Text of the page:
Additionally, he said he expects SRF will offer a 100% principal-forgiveness loan to pay for the design and environmental review of the project since the second option has immense environmental benefits.


Lord recommended the town still submit the loan application with the USDA. If the town is awarded a 50% grant – as opposed to 25% — he recommends the town move forward. If not, he recommends the board wait to apply for the SRF funding in September.

What is the timeline for the SRF grant, Select Board Chair David Leavitt asked.

Lord anticipates if the town applies for the SRF funding in September, they could have a letter of offer by January 2023.

It’s been a slower year for DHHS’s grant program due to a fuller plate, Lord said.

Lord said the next steps are to finalize the PER, await response from the USDA on the project’s environmental review, obtain environmental permits, apply for funding, obtain an easement by the treatment plant and move forward with design plans for the project.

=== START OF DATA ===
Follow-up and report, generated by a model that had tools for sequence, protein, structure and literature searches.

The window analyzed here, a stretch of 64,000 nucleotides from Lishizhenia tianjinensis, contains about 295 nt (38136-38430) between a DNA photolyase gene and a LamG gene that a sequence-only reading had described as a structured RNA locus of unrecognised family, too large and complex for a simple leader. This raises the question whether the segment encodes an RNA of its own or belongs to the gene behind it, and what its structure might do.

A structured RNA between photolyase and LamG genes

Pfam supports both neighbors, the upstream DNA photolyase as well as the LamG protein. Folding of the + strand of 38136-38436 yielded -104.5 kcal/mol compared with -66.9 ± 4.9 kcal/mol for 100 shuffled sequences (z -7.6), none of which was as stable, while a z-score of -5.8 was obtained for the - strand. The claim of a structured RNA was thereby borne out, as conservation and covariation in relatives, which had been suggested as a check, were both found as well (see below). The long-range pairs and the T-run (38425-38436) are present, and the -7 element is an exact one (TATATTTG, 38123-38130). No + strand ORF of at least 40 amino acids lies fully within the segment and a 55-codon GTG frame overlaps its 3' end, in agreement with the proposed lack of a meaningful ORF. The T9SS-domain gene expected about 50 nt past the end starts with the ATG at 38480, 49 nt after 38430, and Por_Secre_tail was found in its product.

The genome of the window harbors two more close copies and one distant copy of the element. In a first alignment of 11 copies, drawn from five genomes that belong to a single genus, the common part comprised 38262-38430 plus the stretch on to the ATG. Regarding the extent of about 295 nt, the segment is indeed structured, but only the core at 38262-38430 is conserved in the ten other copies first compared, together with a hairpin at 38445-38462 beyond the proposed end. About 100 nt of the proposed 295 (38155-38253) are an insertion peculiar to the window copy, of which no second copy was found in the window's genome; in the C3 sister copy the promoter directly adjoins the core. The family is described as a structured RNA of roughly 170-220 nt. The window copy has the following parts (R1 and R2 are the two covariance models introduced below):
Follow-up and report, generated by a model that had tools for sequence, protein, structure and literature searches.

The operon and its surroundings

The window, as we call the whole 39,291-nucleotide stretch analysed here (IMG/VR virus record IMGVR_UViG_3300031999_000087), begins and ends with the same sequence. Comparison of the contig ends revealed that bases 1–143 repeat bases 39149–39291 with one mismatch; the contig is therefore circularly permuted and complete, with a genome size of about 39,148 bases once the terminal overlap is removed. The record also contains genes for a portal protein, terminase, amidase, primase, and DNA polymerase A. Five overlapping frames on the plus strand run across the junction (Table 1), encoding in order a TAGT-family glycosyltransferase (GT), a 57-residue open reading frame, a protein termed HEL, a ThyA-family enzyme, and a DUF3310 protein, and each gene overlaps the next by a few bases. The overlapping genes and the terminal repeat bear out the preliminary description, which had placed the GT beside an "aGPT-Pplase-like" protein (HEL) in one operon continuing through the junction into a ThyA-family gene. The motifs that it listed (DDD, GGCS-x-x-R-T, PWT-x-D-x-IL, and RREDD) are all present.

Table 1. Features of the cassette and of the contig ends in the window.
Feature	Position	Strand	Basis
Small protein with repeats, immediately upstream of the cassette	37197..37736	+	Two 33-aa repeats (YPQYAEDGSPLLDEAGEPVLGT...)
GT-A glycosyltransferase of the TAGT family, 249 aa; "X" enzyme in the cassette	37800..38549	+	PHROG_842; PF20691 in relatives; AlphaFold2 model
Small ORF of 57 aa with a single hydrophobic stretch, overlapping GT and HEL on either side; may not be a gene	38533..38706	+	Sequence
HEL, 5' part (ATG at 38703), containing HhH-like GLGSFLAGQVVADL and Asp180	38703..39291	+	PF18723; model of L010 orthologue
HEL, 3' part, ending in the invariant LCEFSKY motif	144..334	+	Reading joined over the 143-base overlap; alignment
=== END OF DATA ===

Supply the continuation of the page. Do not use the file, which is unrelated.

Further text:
Lord said due to a backlog, the project likely won’t acquire permitting for at least six months.


As a result, Lord said “construction this year is unrealistic” and the town should target for construction in 2023.

“I think we’ve got a good shot to be there [in 2023] and be ready,” Lord said.

The board did not need to take action on the transmission line reconstruction at the meeting.

“We just simply are taking it step by step and letting you tell us when to proceed to the next one knowing that these things take time,” Lord finished.